.

P
olitical support

will be a critical tool for the implementation and advancement of the seven thematic
priorities mentioned in this document and, eventually, the resolution of a communication gap between
the scientists, policy makers and the general public. The target audi
ence for this support includes
international policy
-
makers and diplomats (in both continents) as well as local policy
-
makers, who may
be interested and/or strategically positioned to support radio astronomy projects on the ground.

Political support for Afr
ica
-
EU radio astronomy collaboration can be identified on two distinct levels:
raising

awareness of radio astronomy amongst European and African policy
-
makers and
informing
current political discussions concerning scientific excellence in radio astronomy,
technological
innovation as well as proposed initiatives in science for development and capacity building in Africa.
The first level of political support, “raising awareness,” seeks to translate the

framework programme’s
seven

thematic priorities into a co
mmon language that
is easily accessible for

policy
-
makers and key
stakeholders on an international level
. The second level is expected to influence
a
sound policy basis

for the development and promotion of radio astronomy cooperation in terms of research a
nd
development policy in the EU and Africa.

In launching this framework programme, a major goal is
expanding awareness of

socio
-
economic
development aspects of radio astronomy which, currently, is quite limited
. To maximise public support
and acceptance of

the framework programme, it will be necessary to explain the discipline as well as
the potential for its positive socio
-
economic side effects.
In light of Africa’s growing science capacity
AERAP is especially committed to promoting the inherent added valu
e of Africa
-
EU radio astronomy
collaboration in development and science initiatives. For example, the South African KAT7 project can
be appreciated by policy
-
makers for its contribution to the development of astronomical skills across
Africa. KAT7 is an ex
ample of how awareness
-
raising initiatives can stir political support from lead
policy
-
makers and legislators for Africa
-
EU radio astronomy cooperation.

These efforts will ensure that Africa
-
EU radio astronomy cooperation, especially those programmes
whic
h encourage socio
-
economic returns, can
inform

current policy discussions in both continents (e.g.
human capital development, astronomy as a tool for science education as well as the UN Millennium
Development Goals and ICT). For the framework programme to
adequately inform policy related to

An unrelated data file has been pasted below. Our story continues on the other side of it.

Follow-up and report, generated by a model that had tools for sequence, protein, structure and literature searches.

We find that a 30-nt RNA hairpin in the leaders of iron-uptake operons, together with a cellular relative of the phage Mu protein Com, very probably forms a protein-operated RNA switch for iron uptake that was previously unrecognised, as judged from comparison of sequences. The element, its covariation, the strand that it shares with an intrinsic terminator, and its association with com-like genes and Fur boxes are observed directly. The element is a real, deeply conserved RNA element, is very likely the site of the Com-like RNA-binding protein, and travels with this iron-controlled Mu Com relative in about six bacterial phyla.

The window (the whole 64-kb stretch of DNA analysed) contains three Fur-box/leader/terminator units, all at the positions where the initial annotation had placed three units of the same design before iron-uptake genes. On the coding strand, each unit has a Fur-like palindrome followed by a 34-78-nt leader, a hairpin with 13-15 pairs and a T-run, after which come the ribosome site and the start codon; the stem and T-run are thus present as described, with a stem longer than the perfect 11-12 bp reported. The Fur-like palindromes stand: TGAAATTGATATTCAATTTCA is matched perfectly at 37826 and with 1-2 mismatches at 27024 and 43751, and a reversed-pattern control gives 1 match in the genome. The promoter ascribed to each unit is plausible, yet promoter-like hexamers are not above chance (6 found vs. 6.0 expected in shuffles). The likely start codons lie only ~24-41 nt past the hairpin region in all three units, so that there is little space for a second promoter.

Africa
-
EU radio astronomy cooperation in both continents, it is important to have a strong
understanding of realistic policy and funding targets and ideas in the early stages of the programme’s
implementation. For instan
ce, AERAP can explore bases for
securing funding from public bodies,
philanthropic organisations and companies for radio astronomy projects.
Political support for Africa
-
EU
radio astronomy cooperation will also make sure that funding instruments and financ
ial resources are
adapted to benefit African
-
European radio astronomy partnerships. For this last point, it is critical that
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the eligibility of African countries as well as radio astronomy topics be taken into account (e.g. S&T and
R&D, science for capacit
y building, HCD or education policy initiatives).

In addition to political and public engagement,
the successful implementation of this framework
programme

relies on the identification and exploitation of a wide range of funding mechanisms. AERAP
will be s
trategically positioned to facilitate the access to
financial support
for the implementation of
African
-
European radio astronomy partnerships within this framework programme. Under the banner
of Africa
-
EU radio astronomy cooperation, this financial support

will involve working with industries,
foundations and institutes to open up new and/or alternative financial sources for AERAP members.
AERAP will develop a degree of expertise linking its members’ activities and partnerships with specific
funding instrum
ents (e.g. the European Development Fund, “Pan
-
African Instrument” of the
Development Cooperation Instrument) as well as other EU funding instruments geared towards
development initiatives overseas. Based on the input of its members, AERAP will exhaust its

networks
to uncover new options for funding for specific projects and partnerships. Moreover, AERAP will help
steer specific partnerships towards a wide array of public funding options by endorsing

the
d
evelop
ment of

communication and outreach

strategies
tailored to policy
-
makers and funding bodies

in both continents.

Given the potential of radio astronomy collaboration
, i
ts possible benefits to astronomy and to science
in general
, a